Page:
University of Iowa researchers adjust to damage at Bowen Science Building

Sunday’s fire in Bowen Science Building has left Paul Heidger wishing he had cleared out a lot more stuff from his campus office during the five years since he became an emeritus professor.

“The email I got from my chairman was ... ‘Paul, best you come in and check your office as soon as possible because there was a fire and lots of water damage within our department. And your office was right under ground zero,’” said Heidger, who taught for 38 years in the University of Iowa Department of Anatomy and Cell Biology. “So I’ve experienced something I didn’t expect in retirement.”

A sprinkler system helped contain the fire within the second-floor lab space where it began, but water from the sprinklers and the firefighting flowed down through Heidger’s office to the subbasements below in the 45-year-old research building.

“When I opened the door on Monday morning, I was greeted with just the sodden mess,” Heidger said.

Heidger’s computer and backup storage discs were “in the direct line of the waterfall.” The deluge also filtered its way through four decades worth of anatomy illustrations, slides, research data, journals, textbooks and historic memorabilia.

The damage first-floor office like Heidger's is not included in the $500,000 initial estimate for the damage directly caused by Sunday’s fire. At about 5:45 p.m. Sunday, an alarm notified UI public safety about a possible fire on the second floor of Bowen, 51 Newton Road. The Iowa City Fire Department responded and extinguished the flames within about 20 minutes.

University officials said Monday that they are working to determine the logistics for the researchers with lab space in the affected areas. No classes are expected to be impacted.

Built in 1972, Bowen Science Building remains one of the university’s most actively used research spaces. UI officials updated the Iowa Board of Regents last week about long-term plans for a $30 million renovation of the building.

No one was hurt in Sunday’s fire, and the cause remains under investigation.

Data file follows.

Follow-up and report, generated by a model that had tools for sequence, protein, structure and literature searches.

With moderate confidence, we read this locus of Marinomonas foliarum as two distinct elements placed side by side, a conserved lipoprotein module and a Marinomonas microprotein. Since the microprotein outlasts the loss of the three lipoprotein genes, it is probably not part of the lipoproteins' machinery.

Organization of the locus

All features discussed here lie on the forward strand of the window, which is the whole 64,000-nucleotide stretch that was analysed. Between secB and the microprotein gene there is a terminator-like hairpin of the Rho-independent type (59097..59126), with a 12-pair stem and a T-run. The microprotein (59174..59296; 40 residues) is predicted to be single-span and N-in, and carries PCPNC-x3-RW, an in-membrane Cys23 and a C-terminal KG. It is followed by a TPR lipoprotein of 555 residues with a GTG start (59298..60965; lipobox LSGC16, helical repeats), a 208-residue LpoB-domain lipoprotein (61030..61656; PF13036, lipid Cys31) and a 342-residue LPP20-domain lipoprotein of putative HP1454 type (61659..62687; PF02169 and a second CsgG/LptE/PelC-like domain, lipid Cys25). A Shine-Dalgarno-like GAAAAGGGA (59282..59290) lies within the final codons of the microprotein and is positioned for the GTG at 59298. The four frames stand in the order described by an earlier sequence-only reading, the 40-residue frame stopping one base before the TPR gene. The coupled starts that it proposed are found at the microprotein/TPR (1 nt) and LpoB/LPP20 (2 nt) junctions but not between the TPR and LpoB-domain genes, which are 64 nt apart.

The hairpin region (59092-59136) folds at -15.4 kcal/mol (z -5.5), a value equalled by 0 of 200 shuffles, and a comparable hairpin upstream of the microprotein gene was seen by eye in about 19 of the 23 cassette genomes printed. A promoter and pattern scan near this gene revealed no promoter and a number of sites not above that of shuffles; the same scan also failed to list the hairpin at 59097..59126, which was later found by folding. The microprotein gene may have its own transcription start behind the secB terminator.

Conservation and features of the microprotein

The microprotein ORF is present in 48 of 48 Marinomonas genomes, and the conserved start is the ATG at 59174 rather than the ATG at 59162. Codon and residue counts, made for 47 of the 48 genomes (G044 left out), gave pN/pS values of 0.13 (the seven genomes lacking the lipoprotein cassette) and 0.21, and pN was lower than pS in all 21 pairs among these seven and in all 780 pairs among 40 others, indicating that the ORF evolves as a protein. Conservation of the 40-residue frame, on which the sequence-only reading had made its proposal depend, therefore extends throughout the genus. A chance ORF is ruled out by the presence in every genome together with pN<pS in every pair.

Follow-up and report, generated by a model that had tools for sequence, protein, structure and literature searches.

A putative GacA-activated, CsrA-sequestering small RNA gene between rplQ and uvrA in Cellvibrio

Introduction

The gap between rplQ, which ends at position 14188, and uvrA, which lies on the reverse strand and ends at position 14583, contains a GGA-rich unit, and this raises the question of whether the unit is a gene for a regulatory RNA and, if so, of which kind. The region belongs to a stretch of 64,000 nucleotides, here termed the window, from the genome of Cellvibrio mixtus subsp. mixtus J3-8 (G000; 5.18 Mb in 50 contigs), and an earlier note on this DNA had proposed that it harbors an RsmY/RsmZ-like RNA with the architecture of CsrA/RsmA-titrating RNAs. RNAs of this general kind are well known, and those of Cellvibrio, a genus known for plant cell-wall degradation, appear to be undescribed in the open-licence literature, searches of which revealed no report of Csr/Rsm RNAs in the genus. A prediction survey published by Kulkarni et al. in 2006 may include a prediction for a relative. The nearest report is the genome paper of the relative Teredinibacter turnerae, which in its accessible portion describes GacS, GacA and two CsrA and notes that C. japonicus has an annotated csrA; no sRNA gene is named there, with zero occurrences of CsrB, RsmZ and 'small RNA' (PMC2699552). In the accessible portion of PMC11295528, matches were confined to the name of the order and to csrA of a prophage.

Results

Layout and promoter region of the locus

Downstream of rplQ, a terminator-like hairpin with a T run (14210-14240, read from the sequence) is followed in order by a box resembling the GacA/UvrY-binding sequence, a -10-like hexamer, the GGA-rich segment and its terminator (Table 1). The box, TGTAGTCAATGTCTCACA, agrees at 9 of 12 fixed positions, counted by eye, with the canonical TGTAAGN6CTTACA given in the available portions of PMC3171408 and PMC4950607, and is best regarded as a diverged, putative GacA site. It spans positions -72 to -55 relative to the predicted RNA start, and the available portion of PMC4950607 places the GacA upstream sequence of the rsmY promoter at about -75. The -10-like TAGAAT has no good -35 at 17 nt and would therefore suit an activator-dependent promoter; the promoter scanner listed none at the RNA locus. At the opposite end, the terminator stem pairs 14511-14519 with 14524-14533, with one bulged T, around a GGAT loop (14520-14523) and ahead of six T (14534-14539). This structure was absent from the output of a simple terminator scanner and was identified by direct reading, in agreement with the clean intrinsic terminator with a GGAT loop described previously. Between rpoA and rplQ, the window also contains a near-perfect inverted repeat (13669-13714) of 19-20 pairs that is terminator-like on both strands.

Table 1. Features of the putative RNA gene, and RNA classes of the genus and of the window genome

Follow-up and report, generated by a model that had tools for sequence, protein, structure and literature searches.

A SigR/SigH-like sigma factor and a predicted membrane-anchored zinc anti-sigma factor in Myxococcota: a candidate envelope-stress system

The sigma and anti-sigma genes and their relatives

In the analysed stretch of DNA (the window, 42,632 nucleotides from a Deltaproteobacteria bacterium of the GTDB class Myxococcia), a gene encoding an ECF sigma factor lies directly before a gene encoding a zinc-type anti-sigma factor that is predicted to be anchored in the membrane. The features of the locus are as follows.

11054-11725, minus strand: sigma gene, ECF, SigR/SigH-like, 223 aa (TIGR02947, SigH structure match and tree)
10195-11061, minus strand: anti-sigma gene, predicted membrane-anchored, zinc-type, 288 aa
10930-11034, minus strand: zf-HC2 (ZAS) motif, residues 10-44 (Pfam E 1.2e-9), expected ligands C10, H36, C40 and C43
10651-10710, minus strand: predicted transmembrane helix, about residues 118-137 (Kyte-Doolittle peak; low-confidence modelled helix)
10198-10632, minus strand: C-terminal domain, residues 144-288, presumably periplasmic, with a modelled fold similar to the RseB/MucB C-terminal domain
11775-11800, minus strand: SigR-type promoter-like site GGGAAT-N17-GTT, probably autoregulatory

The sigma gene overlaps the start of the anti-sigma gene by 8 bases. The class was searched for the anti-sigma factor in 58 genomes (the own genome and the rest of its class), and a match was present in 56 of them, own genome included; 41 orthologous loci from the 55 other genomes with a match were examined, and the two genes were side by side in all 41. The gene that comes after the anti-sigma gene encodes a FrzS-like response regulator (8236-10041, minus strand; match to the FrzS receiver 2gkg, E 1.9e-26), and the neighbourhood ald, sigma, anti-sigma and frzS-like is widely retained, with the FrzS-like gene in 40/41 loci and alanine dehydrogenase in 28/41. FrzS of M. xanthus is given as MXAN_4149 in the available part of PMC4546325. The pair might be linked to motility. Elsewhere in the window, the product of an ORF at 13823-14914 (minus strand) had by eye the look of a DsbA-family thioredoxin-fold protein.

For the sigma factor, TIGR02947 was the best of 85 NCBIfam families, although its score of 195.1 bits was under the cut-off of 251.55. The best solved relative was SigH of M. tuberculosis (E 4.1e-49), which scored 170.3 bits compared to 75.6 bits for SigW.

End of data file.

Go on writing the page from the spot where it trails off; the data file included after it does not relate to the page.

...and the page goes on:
“The research conducted in this area is predominantly medical and nonhazardous in nature,” Hayley Bruce, a spokeswoman for UI public safety, said Monday via email. “Some of the research has been temporarily interrupted, but at this time no data has been lost.”

UI officials sent out an internal message to affected personnel Monday asking them to observe the following instructions: 

  • Stop cleaning impacted areas. The university is working with a vendor trained in mitigation.
  • Stop moving equipment from impacted areas.
  • Stop propping open doors.
  • Wear appropriate attire, including gloves and closed-toe shoes.

UI officials declined Tuesday to say which vendor was being used.

"When the investigation is complete, and we have had a chance to communicate with those directly impacted, we will be happy to provide more information," Bruce said via email Tuesday.

Heidger said his office is to be cleared out by Thursday. He doesn’t expect any data to be retrieved from his drenched computer, but he said, “they have had some success with the backup discs.”

Although officially retiring in 2012, Heidger has remained active with the department. He serves as student adviser for an annual joint undergraduate research training program with Lincoln University near Philadelphia.

“I’m just grateful the department gives me this opportunity to continue both my academic and teaching pursuits in retirement,” he said.

Reach Jeff Charis-Carlson at jcharisc@press-citizen.com or 319-887-5435. Follow him on Twitter: @JeffCharis.

(Full article found at: Press-Citizen)

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